Things that don’t scale can help you grow
Published September 25, 2015, updated September 29, 2022
Summary - Most companies generate revenues by selling both products and services.The ratio of these revenues may vary over time, but a CEO in a growth stage will constantly be on the lookout for ways to reduce the percentage of revenues that come from the services side. Product sales are scalable, while service sales are less so.
One business mantra that has stayed with me over the years is this: Drive down the service side of your business revenues relative to the product side.
This doesn’t mean not supplying services to your clients. Instead, it means that as your business evolves, it should look to create products that require less service.
Years ago, when Klipfolio still had an on-premise product, 40% of our revenues came from the services side. Now that we have moved to a cloud-based delivery mode, we have squeezed this to the point that only about 3% of our revenue comes from our services business. We don’t even compensate our sales staff for services revenue.
Why is this so important?
Because professional services require people which are a linear unit cost as you scale. The more service obligations you have, the more people you need.
But product sales are scalable- the investment is upfront, but with a decreasing unit cost as you grow. We can sell 1,000 units of product almost as easily as 10 units - at very little extra cost.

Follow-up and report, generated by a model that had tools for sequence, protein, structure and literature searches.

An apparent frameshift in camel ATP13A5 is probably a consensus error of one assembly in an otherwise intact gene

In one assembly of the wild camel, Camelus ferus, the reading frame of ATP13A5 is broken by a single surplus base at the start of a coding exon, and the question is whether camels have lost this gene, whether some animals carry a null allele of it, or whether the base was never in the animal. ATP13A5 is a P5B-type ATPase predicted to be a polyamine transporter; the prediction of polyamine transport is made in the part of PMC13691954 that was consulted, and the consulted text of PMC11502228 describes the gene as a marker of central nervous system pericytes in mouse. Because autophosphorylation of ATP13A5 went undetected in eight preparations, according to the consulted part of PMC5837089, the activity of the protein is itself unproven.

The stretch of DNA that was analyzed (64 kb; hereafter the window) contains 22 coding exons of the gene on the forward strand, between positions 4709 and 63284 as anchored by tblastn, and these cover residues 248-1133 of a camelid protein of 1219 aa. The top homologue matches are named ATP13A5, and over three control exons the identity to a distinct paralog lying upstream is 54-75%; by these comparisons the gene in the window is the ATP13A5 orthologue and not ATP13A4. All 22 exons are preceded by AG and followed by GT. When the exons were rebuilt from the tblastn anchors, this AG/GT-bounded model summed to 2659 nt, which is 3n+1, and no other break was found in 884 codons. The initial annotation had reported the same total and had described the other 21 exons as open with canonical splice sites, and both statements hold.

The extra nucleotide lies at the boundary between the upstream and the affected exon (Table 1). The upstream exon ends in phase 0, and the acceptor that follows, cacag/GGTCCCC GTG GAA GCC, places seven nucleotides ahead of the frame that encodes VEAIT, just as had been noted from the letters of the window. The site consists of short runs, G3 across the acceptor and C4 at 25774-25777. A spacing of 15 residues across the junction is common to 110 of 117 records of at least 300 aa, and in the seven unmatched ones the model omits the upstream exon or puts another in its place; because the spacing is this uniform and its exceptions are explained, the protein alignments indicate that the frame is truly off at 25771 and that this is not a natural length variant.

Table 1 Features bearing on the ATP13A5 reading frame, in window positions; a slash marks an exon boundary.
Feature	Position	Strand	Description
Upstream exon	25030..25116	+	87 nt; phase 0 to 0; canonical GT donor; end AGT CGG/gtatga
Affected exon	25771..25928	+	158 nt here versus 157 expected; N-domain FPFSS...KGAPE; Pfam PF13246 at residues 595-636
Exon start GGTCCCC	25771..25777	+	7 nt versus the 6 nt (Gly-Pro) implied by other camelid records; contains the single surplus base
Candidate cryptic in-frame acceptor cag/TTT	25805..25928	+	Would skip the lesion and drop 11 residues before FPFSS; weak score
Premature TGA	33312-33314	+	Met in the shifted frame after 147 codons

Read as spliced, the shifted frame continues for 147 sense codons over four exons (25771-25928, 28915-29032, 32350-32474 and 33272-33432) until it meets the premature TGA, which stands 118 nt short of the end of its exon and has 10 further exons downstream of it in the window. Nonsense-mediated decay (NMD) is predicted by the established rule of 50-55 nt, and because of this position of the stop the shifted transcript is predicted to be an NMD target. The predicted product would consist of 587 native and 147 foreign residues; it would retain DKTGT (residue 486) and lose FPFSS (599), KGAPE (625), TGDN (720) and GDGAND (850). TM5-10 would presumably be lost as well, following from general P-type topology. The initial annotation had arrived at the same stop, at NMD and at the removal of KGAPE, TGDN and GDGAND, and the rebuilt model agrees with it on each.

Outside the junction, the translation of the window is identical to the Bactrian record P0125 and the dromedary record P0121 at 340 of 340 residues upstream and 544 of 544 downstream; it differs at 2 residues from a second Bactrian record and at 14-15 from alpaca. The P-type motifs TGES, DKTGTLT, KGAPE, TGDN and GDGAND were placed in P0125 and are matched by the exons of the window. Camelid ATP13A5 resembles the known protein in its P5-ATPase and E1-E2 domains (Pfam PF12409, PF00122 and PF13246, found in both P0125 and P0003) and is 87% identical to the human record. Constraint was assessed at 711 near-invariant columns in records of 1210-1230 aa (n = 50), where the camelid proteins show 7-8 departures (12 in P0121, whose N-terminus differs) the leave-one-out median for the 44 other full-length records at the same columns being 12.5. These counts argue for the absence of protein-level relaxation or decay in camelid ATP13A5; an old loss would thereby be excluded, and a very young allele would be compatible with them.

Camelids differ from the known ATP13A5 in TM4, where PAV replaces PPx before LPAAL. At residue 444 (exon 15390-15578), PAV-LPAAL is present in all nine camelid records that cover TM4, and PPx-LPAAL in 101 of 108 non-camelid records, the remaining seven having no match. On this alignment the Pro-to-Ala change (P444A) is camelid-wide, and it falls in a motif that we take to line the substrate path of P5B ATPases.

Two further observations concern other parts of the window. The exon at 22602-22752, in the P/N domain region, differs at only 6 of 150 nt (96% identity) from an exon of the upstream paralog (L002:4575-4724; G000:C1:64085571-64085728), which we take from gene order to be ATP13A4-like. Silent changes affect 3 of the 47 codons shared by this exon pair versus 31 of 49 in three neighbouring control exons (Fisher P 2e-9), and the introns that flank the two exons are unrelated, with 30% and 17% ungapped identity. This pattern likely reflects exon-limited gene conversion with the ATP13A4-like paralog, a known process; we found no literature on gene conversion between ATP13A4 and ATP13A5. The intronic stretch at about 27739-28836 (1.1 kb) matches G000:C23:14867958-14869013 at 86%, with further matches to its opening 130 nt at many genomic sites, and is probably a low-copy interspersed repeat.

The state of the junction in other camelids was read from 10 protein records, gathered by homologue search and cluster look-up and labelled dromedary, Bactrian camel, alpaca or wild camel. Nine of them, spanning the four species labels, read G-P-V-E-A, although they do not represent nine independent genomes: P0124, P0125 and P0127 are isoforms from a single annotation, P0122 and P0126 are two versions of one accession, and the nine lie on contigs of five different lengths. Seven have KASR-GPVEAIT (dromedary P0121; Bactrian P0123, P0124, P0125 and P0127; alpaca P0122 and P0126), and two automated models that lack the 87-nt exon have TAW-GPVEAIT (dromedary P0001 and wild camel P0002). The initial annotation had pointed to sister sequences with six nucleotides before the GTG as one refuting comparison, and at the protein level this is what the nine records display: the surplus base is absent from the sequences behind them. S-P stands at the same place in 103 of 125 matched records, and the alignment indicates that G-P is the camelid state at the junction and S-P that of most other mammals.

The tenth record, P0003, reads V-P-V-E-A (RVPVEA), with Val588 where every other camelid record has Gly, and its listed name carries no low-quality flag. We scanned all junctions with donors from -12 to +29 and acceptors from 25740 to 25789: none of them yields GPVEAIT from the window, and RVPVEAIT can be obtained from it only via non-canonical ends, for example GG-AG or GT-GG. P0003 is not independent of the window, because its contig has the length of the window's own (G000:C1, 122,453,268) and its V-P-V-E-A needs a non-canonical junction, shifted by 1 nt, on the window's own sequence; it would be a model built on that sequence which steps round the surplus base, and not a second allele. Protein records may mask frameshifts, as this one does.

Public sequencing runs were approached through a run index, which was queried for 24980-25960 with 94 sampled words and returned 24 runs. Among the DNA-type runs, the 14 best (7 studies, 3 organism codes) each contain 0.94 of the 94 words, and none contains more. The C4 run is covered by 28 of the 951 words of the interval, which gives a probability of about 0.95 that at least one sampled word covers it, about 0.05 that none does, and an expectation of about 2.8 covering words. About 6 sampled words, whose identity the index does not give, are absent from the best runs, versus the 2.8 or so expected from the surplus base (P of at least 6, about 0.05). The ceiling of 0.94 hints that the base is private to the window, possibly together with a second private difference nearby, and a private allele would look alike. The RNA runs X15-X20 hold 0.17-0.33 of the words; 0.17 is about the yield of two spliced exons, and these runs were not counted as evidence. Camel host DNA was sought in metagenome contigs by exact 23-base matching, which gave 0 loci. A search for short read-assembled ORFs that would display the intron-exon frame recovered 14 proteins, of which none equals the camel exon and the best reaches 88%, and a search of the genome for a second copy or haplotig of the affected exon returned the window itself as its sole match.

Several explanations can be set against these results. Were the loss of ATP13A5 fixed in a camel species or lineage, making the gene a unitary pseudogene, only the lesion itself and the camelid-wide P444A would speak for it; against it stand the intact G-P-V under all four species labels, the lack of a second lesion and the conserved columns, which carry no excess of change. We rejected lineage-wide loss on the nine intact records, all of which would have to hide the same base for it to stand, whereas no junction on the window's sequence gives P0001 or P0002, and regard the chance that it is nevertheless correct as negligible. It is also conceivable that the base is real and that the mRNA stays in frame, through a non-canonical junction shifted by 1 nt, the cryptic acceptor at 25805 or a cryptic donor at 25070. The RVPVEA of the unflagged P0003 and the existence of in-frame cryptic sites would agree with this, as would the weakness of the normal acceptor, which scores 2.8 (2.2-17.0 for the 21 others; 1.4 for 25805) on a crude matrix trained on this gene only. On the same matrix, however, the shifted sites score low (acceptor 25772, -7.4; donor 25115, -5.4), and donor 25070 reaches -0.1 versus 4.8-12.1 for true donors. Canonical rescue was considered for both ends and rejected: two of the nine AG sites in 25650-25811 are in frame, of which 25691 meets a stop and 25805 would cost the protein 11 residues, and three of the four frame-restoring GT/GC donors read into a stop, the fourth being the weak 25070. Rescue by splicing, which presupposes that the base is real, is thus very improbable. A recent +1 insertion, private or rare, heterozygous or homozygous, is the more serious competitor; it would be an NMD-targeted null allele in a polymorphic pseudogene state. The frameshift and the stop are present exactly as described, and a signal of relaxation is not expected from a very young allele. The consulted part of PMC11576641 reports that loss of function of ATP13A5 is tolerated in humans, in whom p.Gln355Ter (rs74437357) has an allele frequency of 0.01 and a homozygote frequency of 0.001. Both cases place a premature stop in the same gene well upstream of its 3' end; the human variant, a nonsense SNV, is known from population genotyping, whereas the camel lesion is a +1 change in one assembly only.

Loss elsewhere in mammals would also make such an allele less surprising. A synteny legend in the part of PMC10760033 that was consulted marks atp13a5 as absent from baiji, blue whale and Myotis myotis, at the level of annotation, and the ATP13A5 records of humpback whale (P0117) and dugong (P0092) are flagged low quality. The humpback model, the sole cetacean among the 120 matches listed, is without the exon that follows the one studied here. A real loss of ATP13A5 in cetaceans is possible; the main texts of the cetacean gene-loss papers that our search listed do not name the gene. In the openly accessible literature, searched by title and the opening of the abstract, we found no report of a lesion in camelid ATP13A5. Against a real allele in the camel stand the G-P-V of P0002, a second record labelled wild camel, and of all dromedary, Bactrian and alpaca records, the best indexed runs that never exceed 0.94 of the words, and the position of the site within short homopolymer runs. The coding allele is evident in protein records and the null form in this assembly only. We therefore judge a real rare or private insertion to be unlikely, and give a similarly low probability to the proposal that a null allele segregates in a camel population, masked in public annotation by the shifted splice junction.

The key to increasing the product/service revenue ratio is to have a product that is usable right out of the box, self-serve and simple. Over the past two and a half years, we have been working hard to develop a product which can truly be “shrink-wrapped” for the masses.
We aren’t quite there yet. Although we’re onboarding the bulk of our new customers using scalable processes and training guides, many still want and need some human contact. And at a lean 3% of our revenues coming from services, we may have over rotated.
If your product is still too difficult for a segment of your target market, then you need to find a way to help - and for us that means offering something that may not scale.
So that is one part of our service business that we’ve beefed up. But we’ve done it for a reason.
A couple of months ago we started offering what we call Ninja Services. Customers can subscribe monthly to a premium services package, which includes dashboard design and development assistance as they come to understand and use the product. To ensure our Ninja customers are successful, we team them with our best Klip builders.
We don’t actually provide Klip building services, but we are contemplating offering a Ninja Plus service where we will actually build and manage Klips for paying customers.
I regard this as a transitionary period - like a ceasefire in the battle between product and service revenues. Sometimes in the evolution of a company, you have to introduce things that don’t scale so you eventually can scale.
Meanwhile, we are actually learning a lot from our Ninja customers: We are learning more about their expectations, what they need and whether they stay with our product. This targeted service is providing us with an amazing roadmap or battle plan for how to move our product to the next level of excellence and self-sufficiency.
Make no mistake, our long-term objective is to improve our product and scale - scale like there is no tomorrow. And one way to do that is to reduce the need for service.
We may never drive our service revenues down to zero. But we will continue to let our product be the engine of growth for our company.
Allan Wille is a Co-Founder and Chief Innovation Officer of Klipfolio. He’s also a designer, a cyclist, a father and a resolute optimist.